Practice questions allow learners to gauge their understanding of important concepts and receive feedback. Learning checks are used frequently to change the pace of a lesson and make learners think. All of our questions are accessible for learners who have visual or auditory disabilities.
Click the headings below to view sample questions.
We strive to create training at the higher levels of cognitive complexity where learners have to analyze and evaluate new information. This is demonstrated in training for the Texas Department of State Health Services (DSHS), which wants clinicians to use the opt-out approach to getting consent for HIV testing. This approach results in more persons being tested for the virus than the opt-in approach. After explaining the differences between the two approaches, we ask learners to evaluate statements and determine which approach is used.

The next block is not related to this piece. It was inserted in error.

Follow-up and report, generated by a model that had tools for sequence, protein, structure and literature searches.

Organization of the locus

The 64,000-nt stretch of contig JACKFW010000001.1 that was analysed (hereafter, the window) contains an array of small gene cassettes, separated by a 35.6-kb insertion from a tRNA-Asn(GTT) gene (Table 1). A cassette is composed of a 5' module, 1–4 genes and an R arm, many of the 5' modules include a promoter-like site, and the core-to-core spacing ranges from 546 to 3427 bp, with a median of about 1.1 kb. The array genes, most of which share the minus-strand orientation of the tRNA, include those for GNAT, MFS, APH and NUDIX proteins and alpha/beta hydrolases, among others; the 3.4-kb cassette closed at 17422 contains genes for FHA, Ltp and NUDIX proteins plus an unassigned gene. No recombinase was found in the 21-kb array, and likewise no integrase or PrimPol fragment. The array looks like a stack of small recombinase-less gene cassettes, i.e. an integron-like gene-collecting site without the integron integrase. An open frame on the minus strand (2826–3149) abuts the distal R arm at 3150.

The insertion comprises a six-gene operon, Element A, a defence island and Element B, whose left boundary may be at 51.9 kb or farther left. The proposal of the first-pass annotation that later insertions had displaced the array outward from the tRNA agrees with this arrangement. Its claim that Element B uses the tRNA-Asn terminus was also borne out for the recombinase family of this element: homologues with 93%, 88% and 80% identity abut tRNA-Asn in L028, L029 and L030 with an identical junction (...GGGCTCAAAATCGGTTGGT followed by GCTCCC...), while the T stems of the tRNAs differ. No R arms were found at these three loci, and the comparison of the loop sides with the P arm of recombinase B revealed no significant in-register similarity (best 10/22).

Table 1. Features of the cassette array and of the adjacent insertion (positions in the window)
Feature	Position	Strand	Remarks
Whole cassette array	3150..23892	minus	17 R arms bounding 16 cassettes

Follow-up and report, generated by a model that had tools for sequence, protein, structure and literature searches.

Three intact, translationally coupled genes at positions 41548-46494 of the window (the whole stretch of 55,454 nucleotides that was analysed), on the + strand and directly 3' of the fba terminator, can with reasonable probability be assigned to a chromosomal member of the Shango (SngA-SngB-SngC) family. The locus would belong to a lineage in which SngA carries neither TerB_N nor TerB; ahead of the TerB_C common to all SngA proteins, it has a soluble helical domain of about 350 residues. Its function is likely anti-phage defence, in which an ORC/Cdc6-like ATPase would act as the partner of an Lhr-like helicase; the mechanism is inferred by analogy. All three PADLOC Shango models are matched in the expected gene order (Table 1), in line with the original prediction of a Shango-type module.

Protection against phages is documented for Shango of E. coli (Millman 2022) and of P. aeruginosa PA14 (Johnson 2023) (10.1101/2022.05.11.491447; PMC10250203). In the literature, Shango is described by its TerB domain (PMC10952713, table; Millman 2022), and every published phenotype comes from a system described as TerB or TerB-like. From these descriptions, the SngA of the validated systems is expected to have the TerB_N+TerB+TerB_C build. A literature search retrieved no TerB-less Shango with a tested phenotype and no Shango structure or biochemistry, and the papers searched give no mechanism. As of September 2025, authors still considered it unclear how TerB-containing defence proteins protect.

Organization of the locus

Our reflective thinking questions use scenarios that require application of knowledge and require learners to consider how they will use new knowledge on the job. Feedback reinforces information covered previously in the lesson.
This map activity offered the HIV case workers a visual association with the funding area names and locations in the state of Texas.
In order to provide ongoing feedback across multiple questions, we designed a visual model that tracks a learner’s progress. These sample questions demonstrate how the tracking device works.
Answer a couple of questions to make sure you understand current Ryan White funding before learning about supported services.
In contrast to telling learners new information, challenge questions ask about something the audience may not know. Questions are a good way to generate curiosity and hold a learner’s attention.